About The Other Dickinson

         

Backstory of The Other Dickinson

The Other Dickinson is a novel-in-progress (left) borne from a graduate thesis (right).

At some point, I became really, really frustrated with the “narrative” of Emily Dickinson.

Spinster. Recluse. Afraid of humanity, general conversations, and you know, air? Altogether, just a shadowy wisp of a crazy woman.

But I believe the person who wrote the poetry I read and love and cherish—say My Triumph lasted till the Drums, say I’ll clutch, and I’ll clutch, and so many others—was absolutely nothing like the depictions that have hurricaned into existence since, eh, 1886ish (actually before her death, but hey, let’s be kind).

To state it plainly: I want to rewrite the story.

Enter the main problem: I have written poetry all my life. My brain works best in distilling—in brevity—in well, anything but fiction.

Throwing caution to the wind(ow), I poured over Dickinson’s existence from the scholarship standpoint—devouring anything and everything written about her by those who studied her before (Sewall, Smith, Leyda, Patterson, Taggard, Gordon, Griffin Wolff, and on and on)—but I found endless contradictions, so many things that simply couldn’t be possible based upon dates, places, and the like, as well as endless presumptions fueling what we’ve come to “know” of her.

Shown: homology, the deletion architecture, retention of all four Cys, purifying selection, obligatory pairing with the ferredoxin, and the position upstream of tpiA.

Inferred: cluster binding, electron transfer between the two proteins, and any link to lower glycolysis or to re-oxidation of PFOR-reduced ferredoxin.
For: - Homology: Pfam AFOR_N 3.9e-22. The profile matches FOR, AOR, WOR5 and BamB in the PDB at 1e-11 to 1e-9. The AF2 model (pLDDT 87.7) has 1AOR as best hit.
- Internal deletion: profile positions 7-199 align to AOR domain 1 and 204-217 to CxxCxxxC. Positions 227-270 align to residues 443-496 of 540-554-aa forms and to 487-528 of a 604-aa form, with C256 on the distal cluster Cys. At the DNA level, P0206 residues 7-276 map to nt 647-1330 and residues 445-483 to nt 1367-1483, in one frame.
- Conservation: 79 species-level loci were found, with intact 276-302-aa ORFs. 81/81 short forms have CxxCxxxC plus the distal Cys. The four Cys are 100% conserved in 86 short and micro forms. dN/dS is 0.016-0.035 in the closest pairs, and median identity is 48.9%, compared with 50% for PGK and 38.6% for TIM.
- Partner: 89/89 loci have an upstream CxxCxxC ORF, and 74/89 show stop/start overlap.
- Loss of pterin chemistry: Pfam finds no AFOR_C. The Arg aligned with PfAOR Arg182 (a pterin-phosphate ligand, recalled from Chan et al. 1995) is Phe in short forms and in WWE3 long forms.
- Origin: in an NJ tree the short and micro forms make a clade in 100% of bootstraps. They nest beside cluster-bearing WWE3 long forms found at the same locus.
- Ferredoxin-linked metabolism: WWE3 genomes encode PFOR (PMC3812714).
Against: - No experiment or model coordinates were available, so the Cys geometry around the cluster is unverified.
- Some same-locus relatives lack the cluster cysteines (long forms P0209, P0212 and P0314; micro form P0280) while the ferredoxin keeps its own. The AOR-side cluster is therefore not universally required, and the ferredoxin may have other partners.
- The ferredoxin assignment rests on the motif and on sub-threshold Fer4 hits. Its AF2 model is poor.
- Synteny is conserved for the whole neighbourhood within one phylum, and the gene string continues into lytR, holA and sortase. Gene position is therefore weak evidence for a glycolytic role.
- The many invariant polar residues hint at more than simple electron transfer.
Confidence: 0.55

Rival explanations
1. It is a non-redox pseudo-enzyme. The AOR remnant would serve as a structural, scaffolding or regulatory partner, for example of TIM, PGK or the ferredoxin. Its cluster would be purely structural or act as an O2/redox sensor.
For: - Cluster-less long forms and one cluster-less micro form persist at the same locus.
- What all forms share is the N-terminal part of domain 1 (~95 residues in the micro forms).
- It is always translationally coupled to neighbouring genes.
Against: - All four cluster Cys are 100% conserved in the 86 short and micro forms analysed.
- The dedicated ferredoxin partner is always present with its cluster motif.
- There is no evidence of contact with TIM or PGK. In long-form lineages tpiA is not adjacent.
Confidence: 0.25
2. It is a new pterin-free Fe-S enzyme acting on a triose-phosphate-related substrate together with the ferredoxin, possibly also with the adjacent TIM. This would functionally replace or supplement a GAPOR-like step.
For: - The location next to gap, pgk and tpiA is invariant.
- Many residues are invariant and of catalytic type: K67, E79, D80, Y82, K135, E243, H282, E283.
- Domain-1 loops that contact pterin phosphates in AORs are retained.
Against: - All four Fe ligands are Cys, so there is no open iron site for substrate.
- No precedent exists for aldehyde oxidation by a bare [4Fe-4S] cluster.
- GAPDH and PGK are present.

To examine more closely, I turned then to the obvious choices—those closer to the scene—Martha and Mabel, respectively (Martha Dickinson Bianchi and Mabel Loomis Todd). Knowing full well the effects of trauma, the influence of an audience, irrepressible bias, and so forth, would all need to be sifted through for finding anything concrete in their materials, I still read every word I could access, including what was saved of Dickinson’s personal letters (all soundly edited posthumously and judiciously selected by her editors).

Presumptions, then—unfortunately (or fortunately for a fiction writer, ahem?)—were the way of it with Dickinson. There are infinite blanks and blocks when one seeks to comprehend the poet/the person—and in my humble opinion—some of those blanks and blocks were created and installed purposefully for that reason. And so, to be plain, across nearly 8 years now, my own stolen moments have been about piecing together the story I find underlying when I read her works. Arrive: The Other Dickinson.